And so the quality and extent of our knowledge of other people depends more on them than on us – how much they want to be known.

Packer asks us to imagine what it might be like to be introduced to someone we considered to be ‘above us’ – whether in rank, or intellect, or personal qualities. The more conscious we are of our own inferiority, the more we will feel that our role is simply to respond respectfully and let them take the initiative in all interactions. He continues:

‘But if instead he starts at once to take us into his confidence, and tells us frankly what is in his mind on matters of common concern, and if he goes on to invite us to join him in particular undertakings he has planned, and asks us to make ourselves permanently available for this kind of collaboration whenever he needs us, then we shall feel enormously privileged’  (p.38)

This, as far as it goes, gives an illustration of what it means to ‘know’ God. God honours us by taking the initiative to make himself known to us.

To make it easy for us the bible gives us four pictures that help us understand how we can expect to relate to God

as a son to a father; a wife to a husband; a subject to his king and a sheep to its shepherd.

I find this really helpful. In the most recent part of my journey I have been like a bleating sheep who needed to be looked after and led. At other times a different metaphor would be more relevant.

The wonderful thing is that, according to biblical values, each pictures tells of a God who loves and cares for us.

Thank you so much for joining me on this on-line conversation. Whether you comment or not I value your presence. My journey through cancer is moving forward all the time. I can see us in the months ahead looking back at the highs and lows, remembering the pictures, the stories, the music, the pain and the joy behind them all.  We have so much more to talk about and to explore – and I look forward to doing that together 🙂


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. . . all the time.

Can you believe it?

How ironic that this should be my scheduled blog, part 2 of the apprentice series, after yesterday’s news.

Some events shake you at your core. Your whole body responds – physically, emotionally and intellectually. As you try to make sense of the mess that is life, you refer to the narrative you hold about God and suffering.

James Bryan Smith wrote the chapter God is Good from the heart. His second child, Madeline, was born with severe chromosomal abnormalities. Doctors told him and his wife that she would not survive birth, yet she lived for two years. Through these years they explored their own narrative about God and suffering. And they suffered on the receiving end of comments from well-meaning friends who spoke from the belief that Madeline’s deformity was in some way a punishment. People can have a strong need to be in control – to have a set of cause-and-effect rules that explain everything.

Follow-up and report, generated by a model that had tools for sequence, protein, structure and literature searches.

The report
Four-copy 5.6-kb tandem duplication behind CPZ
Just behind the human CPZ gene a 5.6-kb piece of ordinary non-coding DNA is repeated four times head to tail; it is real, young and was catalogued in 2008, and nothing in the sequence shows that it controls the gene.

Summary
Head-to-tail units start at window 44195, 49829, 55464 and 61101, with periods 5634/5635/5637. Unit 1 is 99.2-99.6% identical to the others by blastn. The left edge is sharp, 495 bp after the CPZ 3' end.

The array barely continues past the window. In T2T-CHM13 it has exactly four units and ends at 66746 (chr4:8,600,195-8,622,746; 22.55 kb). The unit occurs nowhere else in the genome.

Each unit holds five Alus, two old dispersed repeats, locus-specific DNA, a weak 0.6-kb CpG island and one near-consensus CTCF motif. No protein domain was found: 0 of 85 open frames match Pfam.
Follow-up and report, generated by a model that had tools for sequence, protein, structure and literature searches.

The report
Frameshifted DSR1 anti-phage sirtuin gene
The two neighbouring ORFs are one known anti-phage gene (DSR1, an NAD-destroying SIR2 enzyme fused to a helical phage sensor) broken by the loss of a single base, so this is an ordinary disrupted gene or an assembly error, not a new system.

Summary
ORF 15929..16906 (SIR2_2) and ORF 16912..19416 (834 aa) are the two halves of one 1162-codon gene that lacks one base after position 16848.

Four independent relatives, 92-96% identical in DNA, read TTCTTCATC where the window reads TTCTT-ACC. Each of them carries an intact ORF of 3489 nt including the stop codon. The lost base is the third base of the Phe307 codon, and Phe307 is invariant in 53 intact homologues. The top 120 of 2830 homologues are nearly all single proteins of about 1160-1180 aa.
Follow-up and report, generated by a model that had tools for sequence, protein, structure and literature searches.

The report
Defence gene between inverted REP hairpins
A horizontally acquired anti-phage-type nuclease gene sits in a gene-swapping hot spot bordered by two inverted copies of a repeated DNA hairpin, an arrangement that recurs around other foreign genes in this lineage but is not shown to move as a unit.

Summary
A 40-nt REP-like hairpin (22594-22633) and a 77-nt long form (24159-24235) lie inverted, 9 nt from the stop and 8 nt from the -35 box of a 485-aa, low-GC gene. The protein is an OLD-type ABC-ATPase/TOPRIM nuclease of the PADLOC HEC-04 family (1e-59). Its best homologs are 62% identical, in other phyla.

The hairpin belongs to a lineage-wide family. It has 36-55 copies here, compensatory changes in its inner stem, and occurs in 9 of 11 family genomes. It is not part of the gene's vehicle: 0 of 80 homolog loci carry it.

Christians and non christians commonly hold to the narrative that

God is an angry judge. If you do well, you will be blessed; if you sin, you will be punished

I hear it all the time from people around me.  And this was the dominant narrative about God held by the people Jesus associated with. You can hear the ‘punishing God’ belief behind the question when Jesus was asked to explain two horrific events – one caused by human wickedness and the other a natural disaster. Jesus answered:

Do you think that these Galileans were worse sinners than all the other Galileans because they suffered this way? I tell you, no! But unless you repent, you too will all perish.

Jesus unequivocally rejects any link between suffering and personal sin. And then he uses the opportunity to warn that there is a bigger issue at stake, a fate worse than death. What a challenge to pay close attention and lift our thoughts beyond immediate issues.

Elsewhere Jesus shows that God treats all people the same

He causes his sun to rise on the evil and the good, and sends rain on the righteous and the unrighteous

You do not get what you deserve – and you get what you do not deserve. Wonderful things happen to evil people and dreadful things happen to wonderful people.

So what narrative does Jesus teach us about God?

Jesus boldly proclaims that his heavenly Father is good – good like no other. God is the benchmark for what is GOOD. The dictionary defines this as possessing or displaying moral virtue. For there to be a benchmark for what is good, there must also be a benchmark for what is evil – we can explore that later.

God reaches out to show us his goodness. He takes the initiative in making himself known to us.

And in the end it is the riches of his kindness, tolerance and patience . . that lead us to him.

If you believe God is an angry judge, then you are likely to respond to him by being angry when things do not work out as you think they should. Our experience of disappointment with God says more about us and our expectations than it does about God.

James Bryan Smith’s experience, and my own, challenge me to check out the narrative I hold about God to see if it is consistent with the God Jesus revealed.

Check out your narrative of God . . . and share some thoughts or experiences with us. Is God GOOD – all the time?